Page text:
The Mighty Bean - a nutritional superfood for hormone, gut, and metabolic health!

To bean or not to bean? We vote YES, always! Beans are having a moment and they deserve all the spotlight in our opinion. You’ve probably seen them added to our dishes recently and with good reason. Beans (and legumes in general) are nutrient powerhouses that can help support hormone balance, healthy gut microbiome diversity, and markers of metabolic dysfunction. The best part about beans for us at AIYANA Nutrition, is that they are so versatile in dishes - they can be added to soups, salads, dips, desserts… the opportunities are endless! 


Beans and Hormone Regulation 

The vitamins and minerals in beans are all supportive of hormonal production, supporting specific hormones like insulin, estrogen, progesterone, and testosterone. Another component that is crucial for hormone balance is the fiber in beans. Beans are filled with both soluble (softening stool & helping things pass easily) and insoluble fibre (creating bulk in the stool & doesn’t break down in your system). Both are necessary to have optimal poops! The soluble fiber in beans facilitates the removal of toxins, hormones, and fats that your body processes around the clock through the liver using bile. Bile binds to fiber in the digestive tract very well, which ensures that all the byproducts your body and liver are trying to excrete are actually excreted and not reabsorbed in the colon (this often is happening when you start to see signs of hormonal imbalance). 

Beans and Gut Health 

So, is the more you eat the more you fart, theory accurate? There’s no hiding it, beans can cause only slight digestive upset in some and can be intolerable for others. This is because of their prebiotic content, higher soluble fibre content, and a carbohydrate called Raffinose, which the body can’t break down. When prebiotics, soluble fibre, and raffinose enter the large intestine, the bacteria in your gut start to feed on it through a process called fermentation. During the fermentation process, the bacteria produce byproducts that cause gas, bloating and sometimes cramping. This process is great for your colon because it produces short chain fatty acids that help regenerate colon cells and produce anti-inflammatory activity in the gut, protecting against most gastrointestinal diseases. Typically, bloating occurs initially but will subside around 4 weeks as your gut diversity increases.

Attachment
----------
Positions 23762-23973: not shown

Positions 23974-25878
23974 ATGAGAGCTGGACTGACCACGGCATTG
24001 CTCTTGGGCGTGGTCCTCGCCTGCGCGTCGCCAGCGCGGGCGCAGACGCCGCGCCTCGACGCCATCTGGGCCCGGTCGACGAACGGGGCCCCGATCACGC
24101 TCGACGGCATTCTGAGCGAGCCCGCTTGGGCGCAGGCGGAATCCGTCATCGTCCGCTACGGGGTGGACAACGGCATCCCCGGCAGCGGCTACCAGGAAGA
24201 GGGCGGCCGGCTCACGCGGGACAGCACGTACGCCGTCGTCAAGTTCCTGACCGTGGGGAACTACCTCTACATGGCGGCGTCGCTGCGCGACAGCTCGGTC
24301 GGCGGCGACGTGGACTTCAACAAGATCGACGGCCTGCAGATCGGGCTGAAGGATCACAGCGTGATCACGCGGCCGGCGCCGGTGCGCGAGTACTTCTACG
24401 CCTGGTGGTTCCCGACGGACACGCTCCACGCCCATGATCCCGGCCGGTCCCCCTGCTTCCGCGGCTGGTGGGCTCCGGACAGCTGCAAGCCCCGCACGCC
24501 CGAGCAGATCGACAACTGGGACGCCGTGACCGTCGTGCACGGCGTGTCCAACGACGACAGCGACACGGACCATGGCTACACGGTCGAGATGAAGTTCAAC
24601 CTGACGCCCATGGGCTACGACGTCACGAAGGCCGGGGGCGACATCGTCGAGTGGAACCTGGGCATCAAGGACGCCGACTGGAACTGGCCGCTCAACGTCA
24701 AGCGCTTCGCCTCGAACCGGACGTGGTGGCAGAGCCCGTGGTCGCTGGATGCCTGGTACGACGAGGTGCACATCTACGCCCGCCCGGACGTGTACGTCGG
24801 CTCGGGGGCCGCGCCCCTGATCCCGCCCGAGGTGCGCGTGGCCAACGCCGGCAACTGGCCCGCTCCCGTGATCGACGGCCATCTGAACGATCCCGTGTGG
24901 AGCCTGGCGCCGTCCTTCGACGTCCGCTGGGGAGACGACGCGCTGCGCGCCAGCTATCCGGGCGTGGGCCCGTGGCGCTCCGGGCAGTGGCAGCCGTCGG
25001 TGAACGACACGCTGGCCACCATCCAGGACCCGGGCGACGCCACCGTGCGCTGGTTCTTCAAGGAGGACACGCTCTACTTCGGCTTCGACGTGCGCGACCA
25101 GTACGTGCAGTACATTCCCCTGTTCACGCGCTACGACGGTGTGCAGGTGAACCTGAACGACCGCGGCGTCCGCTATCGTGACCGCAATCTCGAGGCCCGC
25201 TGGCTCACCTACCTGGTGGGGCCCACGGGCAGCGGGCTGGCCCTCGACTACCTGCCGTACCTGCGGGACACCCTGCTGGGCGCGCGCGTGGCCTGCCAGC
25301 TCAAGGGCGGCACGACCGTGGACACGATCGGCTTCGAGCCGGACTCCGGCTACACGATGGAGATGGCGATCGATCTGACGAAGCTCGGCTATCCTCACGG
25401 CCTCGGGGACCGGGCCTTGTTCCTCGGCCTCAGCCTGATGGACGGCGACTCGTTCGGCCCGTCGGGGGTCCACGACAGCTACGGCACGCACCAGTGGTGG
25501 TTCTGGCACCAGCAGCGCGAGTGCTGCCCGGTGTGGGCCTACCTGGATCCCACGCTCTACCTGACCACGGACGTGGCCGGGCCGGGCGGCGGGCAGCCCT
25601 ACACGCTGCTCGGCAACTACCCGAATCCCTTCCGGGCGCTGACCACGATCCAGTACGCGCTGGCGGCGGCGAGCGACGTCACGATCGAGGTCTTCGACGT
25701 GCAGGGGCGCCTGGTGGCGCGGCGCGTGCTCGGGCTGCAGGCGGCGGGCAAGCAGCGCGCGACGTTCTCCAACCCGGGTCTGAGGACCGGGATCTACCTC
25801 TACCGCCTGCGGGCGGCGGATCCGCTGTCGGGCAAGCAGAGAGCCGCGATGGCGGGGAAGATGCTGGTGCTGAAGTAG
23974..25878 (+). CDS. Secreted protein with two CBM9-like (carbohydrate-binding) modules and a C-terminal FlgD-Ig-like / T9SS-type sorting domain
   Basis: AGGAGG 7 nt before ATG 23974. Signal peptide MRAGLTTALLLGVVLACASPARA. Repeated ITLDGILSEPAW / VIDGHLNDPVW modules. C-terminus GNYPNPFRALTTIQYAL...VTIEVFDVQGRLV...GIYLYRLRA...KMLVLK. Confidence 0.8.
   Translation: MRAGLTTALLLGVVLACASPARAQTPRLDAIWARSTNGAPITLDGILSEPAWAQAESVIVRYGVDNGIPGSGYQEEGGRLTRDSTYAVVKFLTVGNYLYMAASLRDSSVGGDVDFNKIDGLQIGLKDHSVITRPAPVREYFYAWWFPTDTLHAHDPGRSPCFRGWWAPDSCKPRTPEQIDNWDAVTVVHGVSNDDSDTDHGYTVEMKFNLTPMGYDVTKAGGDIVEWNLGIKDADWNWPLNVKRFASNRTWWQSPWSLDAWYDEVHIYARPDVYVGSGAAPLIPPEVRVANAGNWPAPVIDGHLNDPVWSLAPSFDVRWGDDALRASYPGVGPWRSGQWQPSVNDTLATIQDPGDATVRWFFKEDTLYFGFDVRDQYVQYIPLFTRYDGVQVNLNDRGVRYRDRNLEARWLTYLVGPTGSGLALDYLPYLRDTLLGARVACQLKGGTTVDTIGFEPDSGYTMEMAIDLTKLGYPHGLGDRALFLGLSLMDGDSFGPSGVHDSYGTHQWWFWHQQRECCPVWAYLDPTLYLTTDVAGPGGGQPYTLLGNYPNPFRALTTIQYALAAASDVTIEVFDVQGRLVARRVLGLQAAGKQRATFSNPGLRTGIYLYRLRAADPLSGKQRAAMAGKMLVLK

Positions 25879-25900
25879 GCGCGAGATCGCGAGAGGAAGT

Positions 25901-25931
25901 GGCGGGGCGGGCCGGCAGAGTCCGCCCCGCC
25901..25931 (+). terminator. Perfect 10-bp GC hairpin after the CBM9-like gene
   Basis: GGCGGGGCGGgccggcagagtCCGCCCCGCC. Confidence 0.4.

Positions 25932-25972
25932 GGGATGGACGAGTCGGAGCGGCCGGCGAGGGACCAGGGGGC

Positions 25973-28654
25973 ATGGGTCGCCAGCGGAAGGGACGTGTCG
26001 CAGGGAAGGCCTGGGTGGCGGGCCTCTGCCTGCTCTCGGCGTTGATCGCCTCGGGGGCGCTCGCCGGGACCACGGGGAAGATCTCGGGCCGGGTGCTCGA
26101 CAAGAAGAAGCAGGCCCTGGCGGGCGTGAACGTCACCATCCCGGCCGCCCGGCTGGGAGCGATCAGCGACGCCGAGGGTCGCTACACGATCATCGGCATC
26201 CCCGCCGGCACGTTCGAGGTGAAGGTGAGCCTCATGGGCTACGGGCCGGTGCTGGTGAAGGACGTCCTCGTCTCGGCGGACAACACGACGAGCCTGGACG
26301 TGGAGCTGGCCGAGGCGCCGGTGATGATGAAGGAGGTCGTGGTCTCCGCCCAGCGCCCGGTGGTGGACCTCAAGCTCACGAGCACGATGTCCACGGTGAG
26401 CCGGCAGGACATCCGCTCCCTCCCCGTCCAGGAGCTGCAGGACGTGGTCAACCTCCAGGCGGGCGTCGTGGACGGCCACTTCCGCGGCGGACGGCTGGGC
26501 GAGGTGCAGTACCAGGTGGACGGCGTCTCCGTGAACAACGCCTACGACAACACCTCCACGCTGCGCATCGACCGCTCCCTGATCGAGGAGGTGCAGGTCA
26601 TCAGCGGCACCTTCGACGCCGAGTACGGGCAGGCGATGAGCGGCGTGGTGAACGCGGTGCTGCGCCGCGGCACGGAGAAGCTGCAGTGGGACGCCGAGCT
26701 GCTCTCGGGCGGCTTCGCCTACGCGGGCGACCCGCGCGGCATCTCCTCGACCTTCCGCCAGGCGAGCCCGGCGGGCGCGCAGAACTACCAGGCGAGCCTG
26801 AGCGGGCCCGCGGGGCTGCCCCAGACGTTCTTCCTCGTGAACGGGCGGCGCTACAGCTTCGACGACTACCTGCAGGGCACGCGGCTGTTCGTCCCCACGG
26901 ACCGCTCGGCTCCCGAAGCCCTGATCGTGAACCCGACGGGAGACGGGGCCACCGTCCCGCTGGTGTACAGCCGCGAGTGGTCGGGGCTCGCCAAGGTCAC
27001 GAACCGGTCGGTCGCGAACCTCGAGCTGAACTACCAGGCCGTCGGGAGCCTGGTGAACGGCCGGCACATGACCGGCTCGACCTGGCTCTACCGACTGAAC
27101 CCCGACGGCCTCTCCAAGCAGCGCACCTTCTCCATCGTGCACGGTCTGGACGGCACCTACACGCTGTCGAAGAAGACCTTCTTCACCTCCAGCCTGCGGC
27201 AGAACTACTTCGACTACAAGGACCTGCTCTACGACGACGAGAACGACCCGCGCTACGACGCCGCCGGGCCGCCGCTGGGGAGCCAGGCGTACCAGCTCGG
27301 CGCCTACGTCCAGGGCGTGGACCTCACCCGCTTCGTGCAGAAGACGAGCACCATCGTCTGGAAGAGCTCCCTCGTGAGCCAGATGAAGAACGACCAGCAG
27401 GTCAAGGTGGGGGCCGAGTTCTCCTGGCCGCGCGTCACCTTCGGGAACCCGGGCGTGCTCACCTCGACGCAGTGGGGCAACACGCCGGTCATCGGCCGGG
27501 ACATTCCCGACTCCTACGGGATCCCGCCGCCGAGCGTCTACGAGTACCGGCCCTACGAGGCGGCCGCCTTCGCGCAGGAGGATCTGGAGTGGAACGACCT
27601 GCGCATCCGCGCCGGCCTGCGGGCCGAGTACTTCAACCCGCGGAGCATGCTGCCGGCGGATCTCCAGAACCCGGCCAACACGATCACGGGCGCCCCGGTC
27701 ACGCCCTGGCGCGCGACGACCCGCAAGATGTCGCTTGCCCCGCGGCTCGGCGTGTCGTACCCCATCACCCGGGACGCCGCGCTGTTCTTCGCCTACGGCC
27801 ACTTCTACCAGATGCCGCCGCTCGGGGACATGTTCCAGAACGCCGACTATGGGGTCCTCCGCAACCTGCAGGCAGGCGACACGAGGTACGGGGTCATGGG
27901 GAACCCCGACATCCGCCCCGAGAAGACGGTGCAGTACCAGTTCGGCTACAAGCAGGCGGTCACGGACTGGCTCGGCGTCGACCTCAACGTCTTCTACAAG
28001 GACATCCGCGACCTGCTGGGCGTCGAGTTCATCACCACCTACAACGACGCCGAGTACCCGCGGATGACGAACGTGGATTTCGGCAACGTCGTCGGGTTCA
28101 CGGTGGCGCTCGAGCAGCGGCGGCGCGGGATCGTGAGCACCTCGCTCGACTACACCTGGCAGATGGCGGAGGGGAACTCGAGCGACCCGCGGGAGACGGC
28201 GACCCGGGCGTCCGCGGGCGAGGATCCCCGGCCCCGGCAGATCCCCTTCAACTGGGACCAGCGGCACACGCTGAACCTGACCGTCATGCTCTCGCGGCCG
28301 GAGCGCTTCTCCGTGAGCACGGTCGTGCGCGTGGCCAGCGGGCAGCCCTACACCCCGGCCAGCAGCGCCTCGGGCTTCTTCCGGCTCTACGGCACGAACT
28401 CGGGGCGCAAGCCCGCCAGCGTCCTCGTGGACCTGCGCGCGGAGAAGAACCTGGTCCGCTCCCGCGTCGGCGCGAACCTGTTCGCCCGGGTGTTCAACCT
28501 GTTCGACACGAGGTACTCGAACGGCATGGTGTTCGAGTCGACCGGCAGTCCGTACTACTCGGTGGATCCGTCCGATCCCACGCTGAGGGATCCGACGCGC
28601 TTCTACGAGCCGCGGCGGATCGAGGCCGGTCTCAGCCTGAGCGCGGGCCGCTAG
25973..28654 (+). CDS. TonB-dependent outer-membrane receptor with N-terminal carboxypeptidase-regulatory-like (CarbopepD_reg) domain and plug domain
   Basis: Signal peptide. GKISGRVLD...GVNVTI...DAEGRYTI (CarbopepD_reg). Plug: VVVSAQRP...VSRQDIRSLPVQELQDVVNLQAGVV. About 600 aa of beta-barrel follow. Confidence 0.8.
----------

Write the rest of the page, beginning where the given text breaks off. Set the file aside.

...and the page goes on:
Beans and Metabolic Function 

When looking at metabolic function and blood levels for pre-diabetes markers, beans have a positive impact on insulin levels, LDL cholesterol, and body mass index. There's no doubt that anything with beans is always satiating. They have a foundational profile of protein, fibre and carbohydrates. The fibre in beans helps to reduce your blood sugar spikes and metabolic function. The insoluble fiber works alongside bioflavonoids in beans to reduce LDL cholesterol levels and triglycerides in the bloodstream. The protein helps increase daily protein requirements and helps with weight management, which lowers body mass index. If you or anyone you know is struggling with any of these blood markers, it can be beneficial for them to include 1-2 servings of beans per day in their diet.  

Despite the unpleasant symptoms that may or may not come along with eating beans, there’s no doubt that beans are a nutritional powerhouse with a lot of promising benefits. By incorporating beans into your diet, you can reap the many anti-inflammatory benefits alongside improved hormonal, gut, and metabolic health! So, indulge yourself in some mighty beans and we hope we can help make them a staple in your diet. If you’re looking for more beans in your life, we recommend trying our new Tuscan White Bean + Kale Soup or the Tex-Mex Chicken Chili.
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